On-Demand App Generation (ODAG) provides the ability for a user to first select a subset of data that they are interested in from a Big Data lake and then generates a detailed app with the relevant data for the user to explore interactively. 


In our example, the phone rep might select the caller’s phone number and all of the cell towers within a wide radius around the area where the caller was traveling last Tuesday.  Qlik On-Demand App Generation will then spawn a customized instance of the analysis app with just the data that is needed to help this customer.  Since the customized version of the analysis app is now in-memory, Qlik is able to deliver a tailor made highly interactive experience.  Why is this important?  Because this allows the phone-rep to work with that customer in real-time solving their problem and improving customer service. 


We will share more specifics about how to work with On Demand App Generation in both Qlik Sense and QlikView in the future. Stay Tuned!


Qlik On-Demand App Generation was actually introduced last June after working with a number of large customers to develop the technique.  Over the past year we have worked to provide more a more integrated solution which is what you will be seeing this June.

What’s Cooking @ Qlik

This information and Qlik‘s strategy and possible future developments are subject to change and may be changed by Qlik at any time for any reason without notice. This information is provided without a warranty of any kind.  The information contained here may not be copied, distributed, or otherwise shared with any third party.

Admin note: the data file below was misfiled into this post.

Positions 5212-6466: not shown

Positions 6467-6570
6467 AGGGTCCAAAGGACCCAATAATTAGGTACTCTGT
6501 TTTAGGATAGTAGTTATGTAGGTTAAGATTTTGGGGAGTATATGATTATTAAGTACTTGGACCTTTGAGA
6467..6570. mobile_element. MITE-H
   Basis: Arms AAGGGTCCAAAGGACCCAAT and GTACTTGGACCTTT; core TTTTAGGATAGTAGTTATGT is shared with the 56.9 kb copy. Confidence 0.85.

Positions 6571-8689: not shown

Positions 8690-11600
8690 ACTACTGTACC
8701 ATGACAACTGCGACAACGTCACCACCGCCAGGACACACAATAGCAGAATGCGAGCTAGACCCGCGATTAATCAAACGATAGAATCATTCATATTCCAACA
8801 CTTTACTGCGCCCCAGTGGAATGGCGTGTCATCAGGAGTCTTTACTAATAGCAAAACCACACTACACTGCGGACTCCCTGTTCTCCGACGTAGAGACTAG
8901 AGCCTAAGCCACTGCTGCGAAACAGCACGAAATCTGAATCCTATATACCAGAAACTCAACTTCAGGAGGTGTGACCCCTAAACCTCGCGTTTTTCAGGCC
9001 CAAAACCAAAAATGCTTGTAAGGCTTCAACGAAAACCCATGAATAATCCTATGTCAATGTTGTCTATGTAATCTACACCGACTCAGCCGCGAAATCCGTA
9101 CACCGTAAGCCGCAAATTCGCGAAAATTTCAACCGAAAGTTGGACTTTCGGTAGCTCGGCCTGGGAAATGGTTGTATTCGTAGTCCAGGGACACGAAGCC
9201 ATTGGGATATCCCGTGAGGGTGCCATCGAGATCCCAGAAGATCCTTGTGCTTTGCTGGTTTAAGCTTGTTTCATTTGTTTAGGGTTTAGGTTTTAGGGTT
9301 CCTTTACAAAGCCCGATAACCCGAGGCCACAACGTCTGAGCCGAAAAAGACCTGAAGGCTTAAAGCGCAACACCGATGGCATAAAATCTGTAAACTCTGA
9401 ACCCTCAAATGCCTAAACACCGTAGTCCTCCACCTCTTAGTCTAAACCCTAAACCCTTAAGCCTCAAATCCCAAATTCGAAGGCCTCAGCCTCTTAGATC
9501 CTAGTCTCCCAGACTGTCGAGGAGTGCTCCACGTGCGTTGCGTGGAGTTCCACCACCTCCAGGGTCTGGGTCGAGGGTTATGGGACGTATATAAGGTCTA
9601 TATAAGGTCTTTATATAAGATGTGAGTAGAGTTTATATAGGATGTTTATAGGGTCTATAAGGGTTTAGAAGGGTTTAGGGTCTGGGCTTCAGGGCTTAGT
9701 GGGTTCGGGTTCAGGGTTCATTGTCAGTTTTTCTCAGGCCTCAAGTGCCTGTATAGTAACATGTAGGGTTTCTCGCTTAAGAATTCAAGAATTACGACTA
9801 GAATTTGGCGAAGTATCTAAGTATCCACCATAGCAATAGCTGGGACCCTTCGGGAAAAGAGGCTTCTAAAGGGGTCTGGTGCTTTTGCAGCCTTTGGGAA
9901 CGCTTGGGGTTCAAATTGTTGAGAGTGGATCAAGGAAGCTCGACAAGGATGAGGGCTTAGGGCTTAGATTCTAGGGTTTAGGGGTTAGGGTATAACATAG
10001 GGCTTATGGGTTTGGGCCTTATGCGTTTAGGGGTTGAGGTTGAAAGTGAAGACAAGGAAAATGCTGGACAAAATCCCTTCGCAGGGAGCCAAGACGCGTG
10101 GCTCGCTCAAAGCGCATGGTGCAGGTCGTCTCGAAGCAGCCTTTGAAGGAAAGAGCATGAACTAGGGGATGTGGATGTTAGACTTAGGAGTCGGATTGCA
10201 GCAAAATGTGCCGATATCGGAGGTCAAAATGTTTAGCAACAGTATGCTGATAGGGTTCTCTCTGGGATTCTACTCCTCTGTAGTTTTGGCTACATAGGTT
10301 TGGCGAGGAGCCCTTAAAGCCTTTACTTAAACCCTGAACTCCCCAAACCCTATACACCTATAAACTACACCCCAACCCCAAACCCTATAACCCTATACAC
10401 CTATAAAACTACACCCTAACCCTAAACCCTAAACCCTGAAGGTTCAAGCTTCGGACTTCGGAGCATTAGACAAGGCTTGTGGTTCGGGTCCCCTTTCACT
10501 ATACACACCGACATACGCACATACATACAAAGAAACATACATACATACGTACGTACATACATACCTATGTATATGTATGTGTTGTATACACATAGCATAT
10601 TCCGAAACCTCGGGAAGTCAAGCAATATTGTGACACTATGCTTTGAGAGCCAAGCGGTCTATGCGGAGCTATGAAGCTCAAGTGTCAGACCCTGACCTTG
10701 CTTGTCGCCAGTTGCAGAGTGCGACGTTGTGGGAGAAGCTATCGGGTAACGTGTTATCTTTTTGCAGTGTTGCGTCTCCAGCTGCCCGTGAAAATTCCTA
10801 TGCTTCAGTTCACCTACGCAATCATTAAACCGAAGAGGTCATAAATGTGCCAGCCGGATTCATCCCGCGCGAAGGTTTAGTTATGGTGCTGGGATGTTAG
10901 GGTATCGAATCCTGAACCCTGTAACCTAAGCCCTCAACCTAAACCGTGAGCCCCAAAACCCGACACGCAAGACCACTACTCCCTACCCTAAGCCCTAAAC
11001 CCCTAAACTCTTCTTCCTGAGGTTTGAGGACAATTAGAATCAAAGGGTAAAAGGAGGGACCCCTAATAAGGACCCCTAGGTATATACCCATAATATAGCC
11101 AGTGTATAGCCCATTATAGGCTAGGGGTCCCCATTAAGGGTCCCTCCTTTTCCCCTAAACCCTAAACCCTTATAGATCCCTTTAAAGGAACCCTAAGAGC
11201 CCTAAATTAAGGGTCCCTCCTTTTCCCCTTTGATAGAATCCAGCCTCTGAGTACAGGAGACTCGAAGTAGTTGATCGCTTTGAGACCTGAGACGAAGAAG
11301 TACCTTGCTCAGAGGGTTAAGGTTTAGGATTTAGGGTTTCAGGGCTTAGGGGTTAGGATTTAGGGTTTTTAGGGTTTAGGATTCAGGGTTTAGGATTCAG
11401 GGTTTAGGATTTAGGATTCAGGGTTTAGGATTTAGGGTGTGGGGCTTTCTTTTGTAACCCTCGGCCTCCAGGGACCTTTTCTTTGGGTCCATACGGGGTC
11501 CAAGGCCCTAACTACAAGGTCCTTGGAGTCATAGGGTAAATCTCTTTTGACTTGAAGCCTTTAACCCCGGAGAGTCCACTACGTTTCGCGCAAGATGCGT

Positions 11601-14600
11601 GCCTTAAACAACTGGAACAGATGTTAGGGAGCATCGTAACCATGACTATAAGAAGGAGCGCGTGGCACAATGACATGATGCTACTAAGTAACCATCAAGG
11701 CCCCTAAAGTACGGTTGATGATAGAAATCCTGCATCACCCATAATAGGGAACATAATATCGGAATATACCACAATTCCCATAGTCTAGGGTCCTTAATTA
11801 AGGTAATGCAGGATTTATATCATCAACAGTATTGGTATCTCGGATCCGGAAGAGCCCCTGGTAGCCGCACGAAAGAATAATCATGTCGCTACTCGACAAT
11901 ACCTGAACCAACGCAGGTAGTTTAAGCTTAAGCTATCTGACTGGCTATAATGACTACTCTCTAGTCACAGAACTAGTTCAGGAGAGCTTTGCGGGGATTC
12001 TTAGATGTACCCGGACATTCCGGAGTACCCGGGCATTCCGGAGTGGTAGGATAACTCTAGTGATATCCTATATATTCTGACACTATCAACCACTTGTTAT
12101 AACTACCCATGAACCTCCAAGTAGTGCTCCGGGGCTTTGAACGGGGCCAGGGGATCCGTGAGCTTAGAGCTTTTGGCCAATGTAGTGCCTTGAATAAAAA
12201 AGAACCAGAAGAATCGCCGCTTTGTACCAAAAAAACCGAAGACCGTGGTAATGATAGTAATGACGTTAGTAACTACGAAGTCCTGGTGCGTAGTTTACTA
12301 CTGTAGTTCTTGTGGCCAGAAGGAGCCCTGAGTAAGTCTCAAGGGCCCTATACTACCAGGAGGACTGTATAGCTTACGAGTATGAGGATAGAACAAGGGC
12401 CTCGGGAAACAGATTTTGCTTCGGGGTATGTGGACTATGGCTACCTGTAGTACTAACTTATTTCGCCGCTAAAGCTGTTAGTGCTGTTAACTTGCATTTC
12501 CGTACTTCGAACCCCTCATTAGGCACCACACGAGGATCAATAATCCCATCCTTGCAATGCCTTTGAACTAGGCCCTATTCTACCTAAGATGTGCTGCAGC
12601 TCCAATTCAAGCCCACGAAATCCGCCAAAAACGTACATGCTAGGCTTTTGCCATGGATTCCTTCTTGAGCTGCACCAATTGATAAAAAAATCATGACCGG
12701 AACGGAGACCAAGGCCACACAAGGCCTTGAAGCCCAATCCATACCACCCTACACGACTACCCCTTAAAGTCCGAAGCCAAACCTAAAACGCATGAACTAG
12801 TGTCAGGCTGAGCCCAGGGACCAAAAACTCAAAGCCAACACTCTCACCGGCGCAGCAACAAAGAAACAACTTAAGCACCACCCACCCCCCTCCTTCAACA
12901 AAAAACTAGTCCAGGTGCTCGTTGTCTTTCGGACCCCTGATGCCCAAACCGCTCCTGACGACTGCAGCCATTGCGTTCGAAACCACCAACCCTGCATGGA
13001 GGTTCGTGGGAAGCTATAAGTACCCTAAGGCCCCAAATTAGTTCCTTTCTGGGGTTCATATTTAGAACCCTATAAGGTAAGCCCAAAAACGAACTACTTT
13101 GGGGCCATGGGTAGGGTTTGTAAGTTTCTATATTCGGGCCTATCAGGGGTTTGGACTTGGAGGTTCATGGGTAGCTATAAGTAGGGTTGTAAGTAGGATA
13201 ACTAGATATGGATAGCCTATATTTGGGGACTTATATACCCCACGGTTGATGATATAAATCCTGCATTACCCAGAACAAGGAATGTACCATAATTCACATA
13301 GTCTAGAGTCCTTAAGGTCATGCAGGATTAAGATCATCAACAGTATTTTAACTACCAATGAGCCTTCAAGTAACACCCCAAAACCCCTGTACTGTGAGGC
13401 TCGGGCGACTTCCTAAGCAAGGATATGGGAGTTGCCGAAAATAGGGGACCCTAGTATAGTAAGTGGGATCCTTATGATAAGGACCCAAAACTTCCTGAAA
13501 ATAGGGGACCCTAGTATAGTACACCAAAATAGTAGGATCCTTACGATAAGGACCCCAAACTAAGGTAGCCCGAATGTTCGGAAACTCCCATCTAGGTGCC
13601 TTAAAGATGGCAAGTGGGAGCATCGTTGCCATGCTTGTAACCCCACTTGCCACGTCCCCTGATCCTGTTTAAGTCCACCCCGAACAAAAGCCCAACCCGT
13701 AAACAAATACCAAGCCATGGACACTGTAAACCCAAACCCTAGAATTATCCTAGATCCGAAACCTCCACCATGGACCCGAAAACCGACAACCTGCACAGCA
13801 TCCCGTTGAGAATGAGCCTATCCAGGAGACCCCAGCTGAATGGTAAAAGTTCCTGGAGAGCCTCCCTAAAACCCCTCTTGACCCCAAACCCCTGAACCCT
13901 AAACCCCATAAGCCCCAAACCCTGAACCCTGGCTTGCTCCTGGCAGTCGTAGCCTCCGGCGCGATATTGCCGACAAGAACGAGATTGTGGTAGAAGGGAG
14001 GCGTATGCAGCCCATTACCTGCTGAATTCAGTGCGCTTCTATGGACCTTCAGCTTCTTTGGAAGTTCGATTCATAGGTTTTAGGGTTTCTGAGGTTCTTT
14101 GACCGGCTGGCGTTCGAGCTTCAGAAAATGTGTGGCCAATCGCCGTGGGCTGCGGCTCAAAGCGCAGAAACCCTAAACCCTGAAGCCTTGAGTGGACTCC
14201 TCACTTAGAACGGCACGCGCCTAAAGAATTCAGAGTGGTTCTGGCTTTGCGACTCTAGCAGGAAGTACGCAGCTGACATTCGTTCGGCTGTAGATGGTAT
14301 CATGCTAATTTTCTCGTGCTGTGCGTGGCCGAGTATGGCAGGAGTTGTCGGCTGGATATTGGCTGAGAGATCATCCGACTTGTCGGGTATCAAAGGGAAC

ODAG is an incredible tool to have in your Big Data toolbox but there is still room for improvement.  In the future, our goal is to take this a step further delivering the best of both worlds – a direct connection back to a ‘live’ big data store and a highly interactive user experience that delivers the Associative Experience.


With On-Demand App Generation, we solve the performance concerns of working with Big Data but in order to request a different ‘slice’ of the data, users need to move back to the selection app and start over.  And, of course, working on the entire data lake is not possible using this model.


At Qonnections recently we were able to get a preview of just how this is expected to work in the future.


In addition to continuing to offer the On-Demand App Generation approach to Big Data, Qlik is working toward a solution currently referred to as Associative Big Data Indexing.  Imagine a future with the full associative experience on top of a big data lake without moving the data.  This model involves a parallel array of indexing engines optimized for Qlik style associative queries and speed. 

WARNING: The following picture does not exist today.  It is illustrative of an idea and a potential future state that should not be taken as a commitment by Qlik.  This information is provided without a warranty of any kind.


Data can remain located in the cloud, on premises, or even a combination.  And, the Associative Big Data Index can be reused across multiple apps so everyone across the organization can gain the benefits and insights in your big data investments.  We look forward to sharing more about On Demand App Generation and Associative Big Data Indexing in the future.